Create an account
the process of adjusting different elements of the vocal tract to shape the sounds of speech.
elements of the vocal tract that are not moveable; teeth, hard palate, and nasal bones.
elements of the vocal tract that are moveable; lips, tongue, soft palate, pharynx walls, and buccae.
facial muscles; called mimetic because they convey meaning in speech through "mimes" and also function to shape the oral and nasal cavities.
anterior faucial pillar
membrane that sperates the oral cavity from the pharynx; palatoglossus muscle
clear, thick, viscous fluid that lubricates the joint (prevents contact between bones)
air spaces that develop during puberty; lighten bone, PCCE/mucous. Frontal, Maxillary, Spenoid, Ethmoid, Palatine(occasionally)
space between the anterior and posterior nares (chocine); vestibule is anterior-most portion
space that extends from the internal nares to the esophagus, common space shared by digestive and respiratory systems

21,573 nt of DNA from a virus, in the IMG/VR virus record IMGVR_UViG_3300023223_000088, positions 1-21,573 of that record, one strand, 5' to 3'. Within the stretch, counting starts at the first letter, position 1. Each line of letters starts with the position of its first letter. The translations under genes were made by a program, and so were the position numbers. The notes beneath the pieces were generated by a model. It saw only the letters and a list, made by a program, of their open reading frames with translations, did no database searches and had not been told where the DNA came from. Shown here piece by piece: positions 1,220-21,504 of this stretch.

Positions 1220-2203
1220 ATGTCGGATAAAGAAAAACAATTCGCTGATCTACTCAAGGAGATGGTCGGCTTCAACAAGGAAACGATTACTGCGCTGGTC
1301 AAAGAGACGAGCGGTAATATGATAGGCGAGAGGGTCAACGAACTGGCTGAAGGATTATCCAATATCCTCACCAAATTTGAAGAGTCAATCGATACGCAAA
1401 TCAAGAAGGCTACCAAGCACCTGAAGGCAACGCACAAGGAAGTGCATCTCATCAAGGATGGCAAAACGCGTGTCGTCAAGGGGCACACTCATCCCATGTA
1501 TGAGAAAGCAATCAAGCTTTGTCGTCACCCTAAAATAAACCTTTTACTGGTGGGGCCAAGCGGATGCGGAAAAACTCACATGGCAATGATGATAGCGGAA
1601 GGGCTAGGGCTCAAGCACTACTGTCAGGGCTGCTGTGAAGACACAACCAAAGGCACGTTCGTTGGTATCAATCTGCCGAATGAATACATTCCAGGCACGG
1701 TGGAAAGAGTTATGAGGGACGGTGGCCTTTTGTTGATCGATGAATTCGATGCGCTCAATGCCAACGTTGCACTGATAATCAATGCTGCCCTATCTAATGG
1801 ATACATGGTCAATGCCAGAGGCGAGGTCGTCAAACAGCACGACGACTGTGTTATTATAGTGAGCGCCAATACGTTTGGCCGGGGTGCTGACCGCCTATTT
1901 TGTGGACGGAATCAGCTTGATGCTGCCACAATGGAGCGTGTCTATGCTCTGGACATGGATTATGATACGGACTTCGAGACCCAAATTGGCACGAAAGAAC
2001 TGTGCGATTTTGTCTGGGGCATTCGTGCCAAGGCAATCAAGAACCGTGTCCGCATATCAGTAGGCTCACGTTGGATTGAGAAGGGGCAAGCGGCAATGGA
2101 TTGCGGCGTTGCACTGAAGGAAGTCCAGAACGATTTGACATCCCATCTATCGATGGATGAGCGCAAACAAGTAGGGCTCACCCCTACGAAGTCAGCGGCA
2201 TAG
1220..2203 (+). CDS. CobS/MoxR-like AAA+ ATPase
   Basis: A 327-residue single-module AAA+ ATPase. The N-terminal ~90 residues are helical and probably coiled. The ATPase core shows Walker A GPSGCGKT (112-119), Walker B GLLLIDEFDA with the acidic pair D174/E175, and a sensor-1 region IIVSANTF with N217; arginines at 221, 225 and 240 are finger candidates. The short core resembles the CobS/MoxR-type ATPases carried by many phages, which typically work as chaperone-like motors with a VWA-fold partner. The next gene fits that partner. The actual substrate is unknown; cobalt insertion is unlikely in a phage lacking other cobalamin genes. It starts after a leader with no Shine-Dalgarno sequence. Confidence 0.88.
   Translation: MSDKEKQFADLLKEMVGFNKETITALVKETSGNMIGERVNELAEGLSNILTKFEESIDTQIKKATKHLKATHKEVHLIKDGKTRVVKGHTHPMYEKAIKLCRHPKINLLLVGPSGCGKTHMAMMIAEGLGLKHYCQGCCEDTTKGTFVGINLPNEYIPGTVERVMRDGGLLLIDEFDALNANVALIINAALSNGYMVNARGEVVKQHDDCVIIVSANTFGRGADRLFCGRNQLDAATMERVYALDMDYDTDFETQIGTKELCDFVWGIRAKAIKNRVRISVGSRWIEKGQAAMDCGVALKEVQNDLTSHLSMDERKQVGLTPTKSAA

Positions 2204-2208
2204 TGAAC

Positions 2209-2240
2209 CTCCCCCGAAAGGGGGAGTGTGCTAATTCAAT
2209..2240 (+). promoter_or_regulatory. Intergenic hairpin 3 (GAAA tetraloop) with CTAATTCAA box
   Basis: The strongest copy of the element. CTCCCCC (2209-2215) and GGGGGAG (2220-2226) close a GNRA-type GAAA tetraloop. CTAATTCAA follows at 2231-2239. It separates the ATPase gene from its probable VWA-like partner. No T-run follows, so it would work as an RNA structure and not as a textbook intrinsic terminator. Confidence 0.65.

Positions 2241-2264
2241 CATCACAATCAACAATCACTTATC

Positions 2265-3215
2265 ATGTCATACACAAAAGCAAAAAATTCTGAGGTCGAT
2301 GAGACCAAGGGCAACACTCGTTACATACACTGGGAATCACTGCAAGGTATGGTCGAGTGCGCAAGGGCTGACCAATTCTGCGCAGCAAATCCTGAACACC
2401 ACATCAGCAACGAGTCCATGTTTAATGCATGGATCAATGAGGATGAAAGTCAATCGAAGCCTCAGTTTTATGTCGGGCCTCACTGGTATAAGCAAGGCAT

stretch receptors in the esophagus activate smooth muscle that squeezes food to stomach. involuntary phase
stretch receptors in the pharynx are stimulated and signal the swallowing center to stimulate pharyngeal muscles. Pharyngeal muscles contract and propel food to the esophagus. involuntary phase
lymphatic tissue formed by connective tissue covering filled with lymphocytes; helps with immunity againest pathogens at important entry points for infections.
refining motor control in muscle movements for tongue placement, reaching for toys, etc.
Please allow access to your computer’s microphone to use Voice Recording.
Having trouble? Click here for help.
We can’t access your microphone!
Click the icon above to update your browser permissions and try again
Reload the page to try again!Reload
Press Cmd-0 to reset your zoom
Press Ctrl-0 to reset your zoom
It looks like your browser might be zoomed in or out. Your browser needs to be zoomed to a normal size to record audio.
Please upgrade Flash or install Chrome
to use Voice Recording.
For more help, see our troubleshooting page.
Your microphone is muted
For help fixing this issue, see this FAQ.
Star this term
You can study starred terms together